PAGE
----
Monday, January 23, 2017

Good News? Trump Has Rejected the Trans Pacific Partnership

The New York Times is reporting that Trump has said "no" to the Trans Pacific Partnership, the TPP.

With Junior in trail that presumably takes Canada off the TPP hook. We'll see.

Are global trade deals now dead? Depends on who you listen to. There's one school that thinks Trump's bullying may spur the rise of defensive trade pacts, deals that don't include the United States, but seek to offset any trade damage that Trumpland chooses to inflict. We'll see.

Now it's rarely mentioned by TPP friends or foes but the Trans Pacific Partnership is about much more than trade. Look at the countries who are "in" the deal and the nation that is decidedly "out." The omission is glaring. It's China.

The TPP was always intended to isolate China, to contain China, to ostracize it from its neighbours.

This "Pacific century" seems to boil down, so far, to enforcing an already embattled TPP. Bantarto Bandoro, from the Indonesian Defense University, seemed to get closer to the real picture when he told the Jakarta Globe, "this could be the beginning of the end of American global dominance."

Not for nothing did this impassioned plea for the TPP come from a retired, four star US Navy admiral, Jim Stavridis who likened a defeat of the pact as akin to an American Brexit.

The case for the TPP is economically strong, but the geopolitical logic is even more compelling. The deal is one that China will have great difficulty accepting, as it would put Beijing outside a virtuous circle of allies, partners, and friends on both sides of the Pacific. Frankly, that is a good place to keep China from the perspective of the United States, and the treaty thus brings together not only Japan, Australia, Malaysia, Vietnam, and other Asian partners, but also Chile, Mexico, Canada, and Peru. 

Stavridis argument for the TPP is threefold: 1. China is on the march in Asia. 2. This is a moment of real vulnerability for many Asian nations. 3. Sending US aircraft carriers into the region is not enough.

Over 2,500 years ago, during the Zhou dynasty, the philosopher-warrior Sun Tzu wrote the compelling study of conflict The Art of War. There is much wisdom in that slim volume, including this quote: “The supreme art of war is to subdue the enemy without fighting.” The United States can avoid conflict best in East Asia by using a robust combination of national tools — with the TPP at the top of the list. Looking across the Atlantic to the Brexit debacle, we must avoid repeating the mistake in the Pacific.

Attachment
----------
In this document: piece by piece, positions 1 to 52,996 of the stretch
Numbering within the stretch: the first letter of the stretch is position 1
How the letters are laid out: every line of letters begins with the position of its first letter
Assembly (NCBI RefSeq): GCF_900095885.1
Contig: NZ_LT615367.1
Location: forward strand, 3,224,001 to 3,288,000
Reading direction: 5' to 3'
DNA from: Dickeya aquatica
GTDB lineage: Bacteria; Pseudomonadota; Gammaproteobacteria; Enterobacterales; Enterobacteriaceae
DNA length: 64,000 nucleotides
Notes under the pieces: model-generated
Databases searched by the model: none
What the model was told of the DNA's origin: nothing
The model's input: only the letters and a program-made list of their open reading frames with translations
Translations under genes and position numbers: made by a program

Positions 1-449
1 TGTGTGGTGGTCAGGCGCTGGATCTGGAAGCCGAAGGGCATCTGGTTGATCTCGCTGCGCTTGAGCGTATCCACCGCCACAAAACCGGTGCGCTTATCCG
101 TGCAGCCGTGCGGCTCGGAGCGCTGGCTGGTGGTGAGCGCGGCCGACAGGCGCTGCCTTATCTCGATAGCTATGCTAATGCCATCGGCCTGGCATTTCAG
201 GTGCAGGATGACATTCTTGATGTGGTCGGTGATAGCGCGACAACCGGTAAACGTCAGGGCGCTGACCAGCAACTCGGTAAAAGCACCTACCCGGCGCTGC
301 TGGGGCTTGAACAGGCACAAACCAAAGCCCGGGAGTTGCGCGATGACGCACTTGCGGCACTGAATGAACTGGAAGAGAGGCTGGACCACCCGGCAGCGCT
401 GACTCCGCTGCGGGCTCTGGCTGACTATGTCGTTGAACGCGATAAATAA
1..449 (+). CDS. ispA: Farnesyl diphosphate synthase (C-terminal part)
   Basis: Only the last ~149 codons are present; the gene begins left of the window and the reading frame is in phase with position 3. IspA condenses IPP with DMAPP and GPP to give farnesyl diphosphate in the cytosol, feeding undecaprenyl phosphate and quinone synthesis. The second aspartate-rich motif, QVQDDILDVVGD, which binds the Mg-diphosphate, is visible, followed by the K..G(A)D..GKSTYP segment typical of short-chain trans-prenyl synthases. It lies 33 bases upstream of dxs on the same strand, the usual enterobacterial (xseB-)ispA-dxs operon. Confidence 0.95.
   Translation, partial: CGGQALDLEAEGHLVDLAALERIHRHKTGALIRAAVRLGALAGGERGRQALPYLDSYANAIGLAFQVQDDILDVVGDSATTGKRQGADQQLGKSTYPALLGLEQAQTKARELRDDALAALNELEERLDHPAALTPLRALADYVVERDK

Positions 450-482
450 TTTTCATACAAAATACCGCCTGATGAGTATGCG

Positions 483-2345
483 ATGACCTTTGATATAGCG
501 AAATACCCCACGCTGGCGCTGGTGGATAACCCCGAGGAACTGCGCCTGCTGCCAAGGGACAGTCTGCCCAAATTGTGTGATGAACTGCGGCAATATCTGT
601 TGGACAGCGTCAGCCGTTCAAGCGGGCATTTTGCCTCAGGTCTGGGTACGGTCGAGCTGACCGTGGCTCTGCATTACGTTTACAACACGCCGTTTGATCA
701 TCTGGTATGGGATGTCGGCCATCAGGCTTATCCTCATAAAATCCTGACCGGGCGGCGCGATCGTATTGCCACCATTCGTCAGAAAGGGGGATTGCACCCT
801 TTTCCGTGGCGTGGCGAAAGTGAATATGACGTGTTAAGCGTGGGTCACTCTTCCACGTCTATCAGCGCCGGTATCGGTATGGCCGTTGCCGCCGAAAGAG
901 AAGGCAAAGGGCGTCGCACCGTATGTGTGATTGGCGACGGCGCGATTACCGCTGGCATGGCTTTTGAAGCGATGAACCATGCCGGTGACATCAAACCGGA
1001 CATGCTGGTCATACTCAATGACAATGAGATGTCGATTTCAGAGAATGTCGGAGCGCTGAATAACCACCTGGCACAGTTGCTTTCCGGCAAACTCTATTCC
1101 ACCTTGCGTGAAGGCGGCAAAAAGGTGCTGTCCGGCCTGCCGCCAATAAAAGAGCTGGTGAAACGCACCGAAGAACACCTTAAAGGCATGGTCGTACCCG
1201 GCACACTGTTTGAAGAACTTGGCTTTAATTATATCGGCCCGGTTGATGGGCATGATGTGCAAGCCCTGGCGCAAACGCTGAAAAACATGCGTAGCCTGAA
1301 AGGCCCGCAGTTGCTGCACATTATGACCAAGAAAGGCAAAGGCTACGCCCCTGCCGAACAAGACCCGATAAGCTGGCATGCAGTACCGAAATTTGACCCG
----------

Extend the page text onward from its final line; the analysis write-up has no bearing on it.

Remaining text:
The clear winner if the United States rejects the Trans-Pacific Partnership will be China, and an increasingly authoritarian and regionally dominant President Xi Jinping will be cheering the loudest.


We may be witnessing the Troubled Teen's first major foreign policy debacle. Reader Chris has sent a link to an item from the Japanese news service, NHK World.

Officials of the Japanese and Chinese governments have agreed to move forward with talks on another economic partnership as the prospects for the Trans-Pacific Partnership negotiations are unclear.

The officials met in Tokyo on Wednesday, with Japanese Deputy Minister for Foreign Affairs Keiichi Katakami and Chinese Vice Minister of Commerce Gao Yan attending.

They agreed on advancing talks on the Regional Comprehensive Economic Partnership, or RCEP. The 16 member countries include Japan, China, and Southeast Asian countries, but not the United States.

Trump may have just dealt America straight out of Asia. Boy, if Beijing inks the right deal we may be seeing the emergency of a new "reserve currency," the yuan.

Update #2

Michael Harris of iPolitics nailed it when he wrote:  "As speeches go, Donald Trump’s inaugural address had fewer grace notes than a death threat."

Continuing with this theme, Foreign Policy's Hunter Marston writes  that "Trump has nothing to offer Asia but threats."